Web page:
Brighton had to avoid defeat to survive, but things didn't start well as they conceded through a Kerry Mayo own goal. However, a late strike from Robbie Reinelt clinched a draw, seeing Brighton retain their league status and Hereford relegated on goals scored.

Lifelong Seagulls fan Dick Knight's purchase of the club effectively saved it and Brighton began to rebuild, although they had no permanent home, first playing at Gillingham's Priestfield stadium for two seasons before spending 11 years at the Withdean Stadium, a converted athletics track owned by the local council.

Despite this, in 2000/01, they were crowned Division Three champions while their rise up the ranks continued as the Seagulls won the Division Two title in 2001/02.

In May 2009, Knight was replaced by Tony Bloom as chairman and the latter secured £93million of funding for the new Falmer Stadium along with a 75% shareholding of the club.

There was a decade of mixed on-field fortunes as Brighton bounced around the second and third tiers but they consolidated with a six-year spell in the Championship (the second tier) after securing promotion from League One in 2011.

Brighton stage remarkable second-half comeback to defeat 10-man Manchester City

Brighton's first game of the 2011/12 season was also the first game at their new Falmer Stadium. It was against Doncaster Rovers, the same opposition who had played the final game at Goldstone Stadium in 1997. Brighton won 2-1.

Brighton had mixed fortunes in the Championship, making the play-offs in 2012/13 and 2013/14 before finishing in 20th place the season after. On the final day of the 2015/16 season, Brighton travelled to Middlesbrough needing to win to secure an automatic promotion place. However, a 1-1 draw saw Boro finish second and Brighton third, with the South Coast club subsequently being knocked out of the play-offs by Sheffield Wednesday. This was their third play-off defeat in four seasons.

Brighton put things right during the next campaign, with a 2-1 home win over Wigan Athletic on April 17, 2017, ensuring that the Seagulls finally booked their Premier League spot. They had been dominant throughout, beginning the season with an 18-match unbeaten run.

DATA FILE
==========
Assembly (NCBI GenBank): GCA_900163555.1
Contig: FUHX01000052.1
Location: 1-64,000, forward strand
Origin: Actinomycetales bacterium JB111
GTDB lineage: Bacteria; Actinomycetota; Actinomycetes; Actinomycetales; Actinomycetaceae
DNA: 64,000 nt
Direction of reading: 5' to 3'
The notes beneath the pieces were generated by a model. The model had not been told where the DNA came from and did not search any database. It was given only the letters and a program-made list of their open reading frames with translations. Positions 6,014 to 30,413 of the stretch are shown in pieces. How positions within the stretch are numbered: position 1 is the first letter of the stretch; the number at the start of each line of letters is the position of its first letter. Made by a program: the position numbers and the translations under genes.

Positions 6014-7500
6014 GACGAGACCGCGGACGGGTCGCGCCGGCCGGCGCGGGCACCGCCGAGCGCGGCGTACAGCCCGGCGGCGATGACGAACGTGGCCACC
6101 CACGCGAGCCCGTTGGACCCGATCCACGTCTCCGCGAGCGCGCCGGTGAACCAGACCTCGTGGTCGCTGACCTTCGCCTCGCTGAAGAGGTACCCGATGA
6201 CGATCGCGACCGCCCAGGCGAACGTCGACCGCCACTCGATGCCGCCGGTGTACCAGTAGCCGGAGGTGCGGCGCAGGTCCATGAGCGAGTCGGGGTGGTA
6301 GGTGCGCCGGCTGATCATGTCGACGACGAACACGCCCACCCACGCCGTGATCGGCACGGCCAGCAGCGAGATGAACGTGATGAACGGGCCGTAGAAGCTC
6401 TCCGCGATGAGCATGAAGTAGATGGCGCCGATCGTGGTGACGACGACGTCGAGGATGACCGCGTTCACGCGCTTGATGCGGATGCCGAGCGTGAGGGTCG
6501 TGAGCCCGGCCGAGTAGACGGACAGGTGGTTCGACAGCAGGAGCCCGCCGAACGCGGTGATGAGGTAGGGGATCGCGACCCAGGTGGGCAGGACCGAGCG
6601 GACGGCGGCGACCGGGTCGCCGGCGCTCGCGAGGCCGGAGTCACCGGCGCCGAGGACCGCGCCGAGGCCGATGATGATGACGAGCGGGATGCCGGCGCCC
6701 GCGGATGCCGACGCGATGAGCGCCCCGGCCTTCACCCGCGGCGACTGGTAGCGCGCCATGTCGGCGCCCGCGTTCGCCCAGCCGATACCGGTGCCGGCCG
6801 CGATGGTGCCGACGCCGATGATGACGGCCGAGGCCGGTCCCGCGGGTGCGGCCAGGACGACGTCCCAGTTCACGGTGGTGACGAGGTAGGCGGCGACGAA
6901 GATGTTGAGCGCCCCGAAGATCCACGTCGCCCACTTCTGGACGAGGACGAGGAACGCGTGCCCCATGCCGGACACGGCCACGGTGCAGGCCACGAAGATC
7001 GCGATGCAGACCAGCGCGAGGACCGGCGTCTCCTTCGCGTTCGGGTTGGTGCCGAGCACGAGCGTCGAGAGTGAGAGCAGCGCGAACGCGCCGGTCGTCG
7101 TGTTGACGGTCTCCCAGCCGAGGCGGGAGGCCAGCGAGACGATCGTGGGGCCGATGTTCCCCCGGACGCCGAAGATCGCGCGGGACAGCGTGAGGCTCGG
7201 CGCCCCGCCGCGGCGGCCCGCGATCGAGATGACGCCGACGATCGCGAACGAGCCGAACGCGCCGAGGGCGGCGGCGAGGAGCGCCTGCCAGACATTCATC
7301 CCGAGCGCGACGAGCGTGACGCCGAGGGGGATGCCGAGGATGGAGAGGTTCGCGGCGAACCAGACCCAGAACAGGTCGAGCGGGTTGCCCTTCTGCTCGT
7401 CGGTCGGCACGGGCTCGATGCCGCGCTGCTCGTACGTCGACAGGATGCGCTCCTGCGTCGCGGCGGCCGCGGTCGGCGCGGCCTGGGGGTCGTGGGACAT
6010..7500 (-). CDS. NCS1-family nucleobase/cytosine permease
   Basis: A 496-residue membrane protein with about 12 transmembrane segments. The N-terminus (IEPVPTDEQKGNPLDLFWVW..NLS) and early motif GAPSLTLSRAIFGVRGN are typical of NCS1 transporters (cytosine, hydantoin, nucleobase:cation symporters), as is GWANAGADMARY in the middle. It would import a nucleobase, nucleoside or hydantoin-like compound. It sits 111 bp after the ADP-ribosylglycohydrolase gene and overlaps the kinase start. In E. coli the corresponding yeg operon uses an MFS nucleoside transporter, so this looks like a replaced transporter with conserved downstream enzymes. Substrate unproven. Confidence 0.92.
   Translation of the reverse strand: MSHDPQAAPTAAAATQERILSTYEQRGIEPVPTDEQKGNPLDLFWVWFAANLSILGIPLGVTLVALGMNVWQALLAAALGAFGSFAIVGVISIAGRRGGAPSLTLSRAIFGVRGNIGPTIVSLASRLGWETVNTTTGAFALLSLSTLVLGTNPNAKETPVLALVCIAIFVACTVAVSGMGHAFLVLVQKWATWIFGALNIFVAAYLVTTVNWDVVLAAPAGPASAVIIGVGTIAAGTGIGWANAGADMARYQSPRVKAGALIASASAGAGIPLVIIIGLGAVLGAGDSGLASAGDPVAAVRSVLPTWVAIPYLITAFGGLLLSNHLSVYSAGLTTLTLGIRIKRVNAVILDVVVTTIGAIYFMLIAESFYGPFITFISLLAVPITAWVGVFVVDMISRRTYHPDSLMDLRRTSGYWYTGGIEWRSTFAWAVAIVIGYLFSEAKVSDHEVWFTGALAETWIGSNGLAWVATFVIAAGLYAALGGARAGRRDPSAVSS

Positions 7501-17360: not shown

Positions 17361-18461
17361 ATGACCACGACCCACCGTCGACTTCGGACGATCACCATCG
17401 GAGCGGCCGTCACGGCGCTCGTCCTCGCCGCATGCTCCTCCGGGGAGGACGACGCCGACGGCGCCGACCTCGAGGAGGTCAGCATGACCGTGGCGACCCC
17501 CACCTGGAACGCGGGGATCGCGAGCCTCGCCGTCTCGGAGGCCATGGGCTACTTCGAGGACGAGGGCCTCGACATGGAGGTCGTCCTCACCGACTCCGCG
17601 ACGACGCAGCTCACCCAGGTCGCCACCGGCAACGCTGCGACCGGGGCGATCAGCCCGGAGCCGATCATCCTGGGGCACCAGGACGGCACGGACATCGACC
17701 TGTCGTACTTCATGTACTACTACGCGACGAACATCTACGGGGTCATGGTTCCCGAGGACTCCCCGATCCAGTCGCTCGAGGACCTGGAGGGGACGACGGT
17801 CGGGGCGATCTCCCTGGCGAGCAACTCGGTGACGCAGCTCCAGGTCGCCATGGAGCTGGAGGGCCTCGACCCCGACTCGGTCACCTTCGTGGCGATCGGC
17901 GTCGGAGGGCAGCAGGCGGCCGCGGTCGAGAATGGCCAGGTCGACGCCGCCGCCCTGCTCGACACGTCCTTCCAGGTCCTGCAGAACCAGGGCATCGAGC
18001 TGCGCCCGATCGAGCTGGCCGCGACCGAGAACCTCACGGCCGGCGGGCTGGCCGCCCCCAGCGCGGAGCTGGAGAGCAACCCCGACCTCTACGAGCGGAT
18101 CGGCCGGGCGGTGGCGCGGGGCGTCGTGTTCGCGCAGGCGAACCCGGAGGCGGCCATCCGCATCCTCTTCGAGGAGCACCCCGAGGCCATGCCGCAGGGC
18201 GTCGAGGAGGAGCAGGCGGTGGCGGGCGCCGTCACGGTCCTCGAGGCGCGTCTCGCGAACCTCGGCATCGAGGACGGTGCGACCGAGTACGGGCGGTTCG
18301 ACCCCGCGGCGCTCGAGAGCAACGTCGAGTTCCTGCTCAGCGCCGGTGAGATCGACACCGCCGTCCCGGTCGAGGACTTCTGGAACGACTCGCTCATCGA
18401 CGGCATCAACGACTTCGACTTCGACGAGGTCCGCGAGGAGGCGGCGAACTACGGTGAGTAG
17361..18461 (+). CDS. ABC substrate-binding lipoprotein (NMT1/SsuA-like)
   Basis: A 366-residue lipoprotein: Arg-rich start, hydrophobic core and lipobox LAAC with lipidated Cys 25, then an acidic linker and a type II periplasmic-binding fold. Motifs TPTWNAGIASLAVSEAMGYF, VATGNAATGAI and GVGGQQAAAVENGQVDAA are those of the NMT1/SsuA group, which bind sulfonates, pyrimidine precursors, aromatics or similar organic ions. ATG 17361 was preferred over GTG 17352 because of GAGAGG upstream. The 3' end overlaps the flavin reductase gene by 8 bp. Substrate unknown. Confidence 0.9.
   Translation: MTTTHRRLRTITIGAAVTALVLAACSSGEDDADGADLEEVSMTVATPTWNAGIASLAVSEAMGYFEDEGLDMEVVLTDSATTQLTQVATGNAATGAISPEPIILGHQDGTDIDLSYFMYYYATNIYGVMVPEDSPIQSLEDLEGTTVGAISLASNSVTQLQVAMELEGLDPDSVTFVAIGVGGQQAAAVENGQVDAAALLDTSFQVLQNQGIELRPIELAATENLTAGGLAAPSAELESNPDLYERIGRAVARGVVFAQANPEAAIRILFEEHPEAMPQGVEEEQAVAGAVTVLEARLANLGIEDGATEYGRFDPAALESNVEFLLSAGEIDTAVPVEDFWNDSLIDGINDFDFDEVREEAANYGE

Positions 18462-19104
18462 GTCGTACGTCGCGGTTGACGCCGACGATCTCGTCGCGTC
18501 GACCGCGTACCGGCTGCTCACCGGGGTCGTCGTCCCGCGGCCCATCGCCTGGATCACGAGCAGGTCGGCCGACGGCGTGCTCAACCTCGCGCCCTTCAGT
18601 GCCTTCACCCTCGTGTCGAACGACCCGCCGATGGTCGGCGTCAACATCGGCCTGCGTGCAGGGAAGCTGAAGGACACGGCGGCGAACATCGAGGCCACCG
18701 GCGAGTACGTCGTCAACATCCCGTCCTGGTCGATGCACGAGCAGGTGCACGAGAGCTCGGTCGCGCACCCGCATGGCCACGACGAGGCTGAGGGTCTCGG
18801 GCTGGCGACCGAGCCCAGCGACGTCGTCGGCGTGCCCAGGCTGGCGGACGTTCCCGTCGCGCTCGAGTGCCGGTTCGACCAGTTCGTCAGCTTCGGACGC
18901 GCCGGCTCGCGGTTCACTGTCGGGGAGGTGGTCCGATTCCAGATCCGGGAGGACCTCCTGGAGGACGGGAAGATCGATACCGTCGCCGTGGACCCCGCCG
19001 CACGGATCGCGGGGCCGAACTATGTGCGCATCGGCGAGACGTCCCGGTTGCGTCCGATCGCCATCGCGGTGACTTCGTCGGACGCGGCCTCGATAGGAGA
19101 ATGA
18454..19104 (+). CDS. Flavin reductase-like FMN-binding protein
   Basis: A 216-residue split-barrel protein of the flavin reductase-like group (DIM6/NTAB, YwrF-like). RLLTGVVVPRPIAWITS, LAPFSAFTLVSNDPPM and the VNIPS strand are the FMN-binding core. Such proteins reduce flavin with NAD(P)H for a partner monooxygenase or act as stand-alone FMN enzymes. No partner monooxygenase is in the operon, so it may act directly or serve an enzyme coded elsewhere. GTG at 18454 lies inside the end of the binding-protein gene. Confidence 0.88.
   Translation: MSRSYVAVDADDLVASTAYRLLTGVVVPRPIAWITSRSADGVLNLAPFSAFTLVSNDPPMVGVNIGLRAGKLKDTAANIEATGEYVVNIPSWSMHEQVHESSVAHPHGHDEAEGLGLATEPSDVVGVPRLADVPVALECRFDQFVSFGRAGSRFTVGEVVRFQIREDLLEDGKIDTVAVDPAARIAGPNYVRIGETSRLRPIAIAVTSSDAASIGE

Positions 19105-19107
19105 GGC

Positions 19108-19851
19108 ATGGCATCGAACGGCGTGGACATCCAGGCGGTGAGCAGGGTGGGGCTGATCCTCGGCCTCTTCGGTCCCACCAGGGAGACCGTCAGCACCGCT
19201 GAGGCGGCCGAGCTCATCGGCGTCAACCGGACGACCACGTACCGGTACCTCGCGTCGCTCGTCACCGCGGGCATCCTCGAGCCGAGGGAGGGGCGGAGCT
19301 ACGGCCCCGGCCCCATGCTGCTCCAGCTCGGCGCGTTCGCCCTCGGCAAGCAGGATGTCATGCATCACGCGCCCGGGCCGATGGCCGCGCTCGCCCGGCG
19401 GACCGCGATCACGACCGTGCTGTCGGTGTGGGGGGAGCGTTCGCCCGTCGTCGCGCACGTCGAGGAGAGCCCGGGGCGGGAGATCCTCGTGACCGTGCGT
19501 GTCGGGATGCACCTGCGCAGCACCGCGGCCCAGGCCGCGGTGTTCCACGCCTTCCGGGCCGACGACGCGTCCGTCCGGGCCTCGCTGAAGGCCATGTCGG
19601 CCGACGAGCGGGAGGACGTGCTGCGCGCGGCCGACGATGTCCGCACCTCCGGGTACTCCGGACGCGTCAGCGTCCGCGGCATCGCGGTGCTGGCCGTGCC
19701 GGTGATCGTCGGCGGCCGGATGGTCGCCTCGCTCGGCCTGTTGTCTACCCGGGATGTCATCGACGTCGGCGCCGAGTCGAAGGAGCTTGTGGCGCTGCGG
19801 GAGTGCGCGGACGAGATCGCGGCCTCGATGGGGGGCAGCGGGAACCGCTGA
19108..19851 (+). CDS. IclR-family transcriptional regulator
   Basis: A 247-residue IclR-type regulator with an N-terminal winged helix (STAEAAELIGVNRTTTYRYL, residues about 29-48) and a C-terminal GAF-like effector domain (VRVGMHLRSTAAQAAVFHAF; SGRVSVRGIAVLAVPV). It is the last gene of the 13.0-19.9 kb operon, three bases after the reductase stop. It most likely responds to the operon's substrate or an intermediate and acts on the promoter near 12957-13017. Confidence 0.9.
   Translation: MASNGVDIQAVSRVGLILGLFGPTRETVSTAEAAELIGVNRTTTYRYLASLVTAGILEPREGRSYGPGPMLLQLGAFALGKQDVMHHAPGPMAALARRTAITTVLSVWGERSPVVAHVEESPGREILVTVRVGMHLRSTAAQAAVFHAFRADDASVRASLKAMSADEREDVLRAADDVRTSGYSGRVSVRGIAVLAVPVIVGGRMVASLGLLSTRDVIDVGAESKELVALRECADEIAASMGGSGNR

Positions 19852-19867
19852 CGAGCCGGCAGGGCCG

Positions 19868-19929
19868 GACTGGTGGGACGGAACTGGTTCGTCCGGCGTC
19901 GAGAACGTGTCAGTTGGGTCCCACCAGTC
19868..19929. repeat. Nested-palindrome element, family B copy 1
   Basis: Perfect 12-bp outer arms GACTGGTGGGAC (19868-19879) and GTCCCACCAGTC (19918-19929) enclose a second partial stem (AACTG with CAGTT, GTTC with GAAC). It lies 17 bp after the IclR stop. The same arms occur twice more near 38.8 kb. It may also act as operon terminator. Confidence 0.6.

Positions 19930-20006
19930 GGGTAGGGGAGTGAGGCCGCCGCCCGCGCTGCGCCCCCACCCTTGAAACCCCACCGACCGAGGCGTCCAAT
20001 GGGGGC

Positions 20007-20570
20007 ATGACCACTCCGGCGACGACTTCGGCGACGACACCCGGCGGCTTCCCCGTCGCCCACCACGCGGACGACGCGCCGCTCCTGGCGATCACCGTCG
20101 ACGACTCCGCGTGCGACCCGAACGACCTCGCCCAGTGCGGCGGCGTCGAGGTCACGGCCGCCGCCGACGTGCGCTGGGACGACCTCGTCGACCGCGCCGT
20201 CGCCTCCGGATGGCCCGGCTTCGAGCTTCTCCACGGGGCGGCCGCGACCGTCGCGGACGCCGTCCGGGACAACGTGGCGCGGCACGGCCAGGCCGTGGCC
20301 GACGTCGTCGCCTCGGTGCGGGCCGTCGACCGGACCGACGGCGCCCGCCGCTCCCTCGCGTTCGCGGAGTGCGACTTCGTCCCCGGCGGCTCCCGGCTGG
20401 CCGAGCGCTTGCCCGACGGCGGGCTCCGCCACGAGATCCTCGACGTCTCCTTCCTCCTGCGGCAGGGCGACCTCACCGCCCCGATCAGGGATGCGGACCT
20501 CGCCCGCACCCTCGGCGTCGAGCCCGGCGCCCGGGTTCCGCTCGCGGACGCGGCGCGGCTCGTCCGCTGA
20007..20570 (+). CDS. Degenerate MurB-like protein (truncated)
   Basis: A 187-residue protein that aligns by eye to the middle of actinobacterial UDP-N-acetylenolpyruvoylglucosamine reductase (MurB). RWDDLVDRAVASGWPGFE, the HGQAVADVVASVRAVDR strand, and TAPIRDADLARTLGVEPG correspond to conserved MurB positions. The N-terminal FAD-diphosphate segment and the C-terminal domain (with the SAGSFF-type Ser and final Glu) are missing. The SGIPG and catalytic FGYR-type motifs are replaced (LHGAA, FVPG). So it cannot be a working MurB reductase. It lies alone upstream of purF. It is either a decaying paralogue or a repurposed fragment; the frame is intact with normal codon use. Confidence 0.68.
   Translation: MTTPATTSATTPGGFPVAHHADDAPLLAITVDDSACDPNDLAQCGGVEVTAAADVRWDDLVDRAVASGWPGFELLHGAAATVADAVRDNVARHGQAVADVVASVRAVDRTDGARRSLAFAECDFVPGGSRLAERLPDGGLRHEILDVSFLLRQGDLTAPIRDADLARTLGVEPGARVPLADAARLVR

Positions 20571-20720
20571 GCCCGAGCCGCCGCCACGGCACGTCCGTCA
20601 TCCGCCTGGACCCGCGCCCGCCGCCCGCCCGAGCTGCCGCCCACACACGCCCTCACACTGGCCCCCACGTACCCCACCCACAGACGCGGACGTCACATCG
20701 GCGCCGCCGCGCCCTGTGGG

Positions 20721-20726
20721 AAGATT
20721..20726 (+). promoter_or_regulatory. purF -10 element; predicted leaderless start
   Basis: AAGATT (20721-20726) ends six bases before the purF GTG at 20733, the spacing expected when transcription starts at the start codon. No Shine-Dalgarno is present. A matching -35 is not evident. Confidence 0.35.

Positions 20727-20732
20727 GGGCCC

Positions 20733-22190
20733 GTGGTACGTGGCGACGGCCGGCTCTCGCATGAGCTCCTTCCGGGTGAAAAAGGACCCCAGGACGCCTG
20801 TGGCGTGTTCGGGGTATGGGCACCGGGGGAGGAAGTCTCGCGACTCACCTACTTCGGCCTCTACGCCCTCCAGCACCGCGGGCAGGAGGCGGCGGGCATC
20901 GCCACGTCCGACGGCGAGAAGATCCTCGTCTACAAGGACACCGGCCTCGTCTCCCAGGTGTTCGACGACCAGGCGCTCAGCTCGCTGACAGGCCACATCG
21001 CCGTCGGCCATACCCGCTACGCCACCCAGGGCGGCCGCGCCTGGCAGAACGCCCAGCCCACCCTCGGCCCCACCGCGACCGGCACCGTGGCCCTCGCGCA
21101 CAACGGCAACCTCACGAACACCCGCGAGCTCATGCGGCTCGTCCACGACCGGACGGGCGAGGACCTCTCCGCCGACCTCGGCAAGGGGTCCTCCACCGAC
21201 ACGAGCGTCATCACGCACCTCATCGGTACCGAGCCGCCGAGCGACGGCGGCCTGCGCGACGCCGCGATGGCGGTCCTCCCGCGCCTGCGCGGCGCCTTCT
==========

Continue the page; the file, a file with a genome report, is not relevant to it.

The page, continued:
"It had something to do with how the season ended last season, but I think it was more the fact that the players enjoyed being up that end of the table, competing, getting into the play-offs," said manager at the time, Chris Hughton, to BBC Radio 5 Live after getting promotion.

"I think it was a conscious decision that they wanted that again, and the signs were there early in the season.

"We recruited well early in the season, in the summer, but it was a real steely determination from the group of players that wanted to do it again."

Brighton have been a stable force in the Premier League since, with Graham Potter appointed as their new manager in May 2019 and continuing to build on Hughton's work.

In Potter's first season, Brighton picked up 41 points and scored 39 goals, both Premier League records for them, as was their 15th-place finish. Meanwhile, in his second season, they again picked up 41 points, but finished one place lower. However, in 2020/21, they scored 40 goals, conceded 46, had a goal difference of -6 and kept 12 clean sheets - all Premier League records for the club.

Brighton & Hove Albion's fanbase

Brighton fans celebrating their teams promotion to the Premier League, April 29, 2017

Brighton have a strong local fanbase, but have also gained some degree of international attention. An example was the signing of Percy Tau in 2018, which led to South Africans flooding Brighton's social media channels with messages of support. However, Tau has not established himself as a regular player in the team.

Their stadium has a capacity of 31,800.

Brighton & Hove Albion's rivals

Brighton do not really have local rivals, as the other South Coast teams - Southampton and Portsmouth - are over 60 miles away.

Brighton are known for their unusual rivalry with Crystal Palace, which persists even though the clubs are separated by some geographical distance. The two clubs are connected by the A23, which is why it's sometimes referred to as the A23 Derby.

Alan Mullery managed both clubs, playing a major role in igniting the rivalry between the clubs, although he remains more popular at Brighton than Palace today.

Brighton & Hove Albion's finances

Professional poker player and sports bettor Tony Bloom is chairman of Brighton, with the club having come a long way since the financial troubles of decades past. Bloom has been a long-time fan of the club.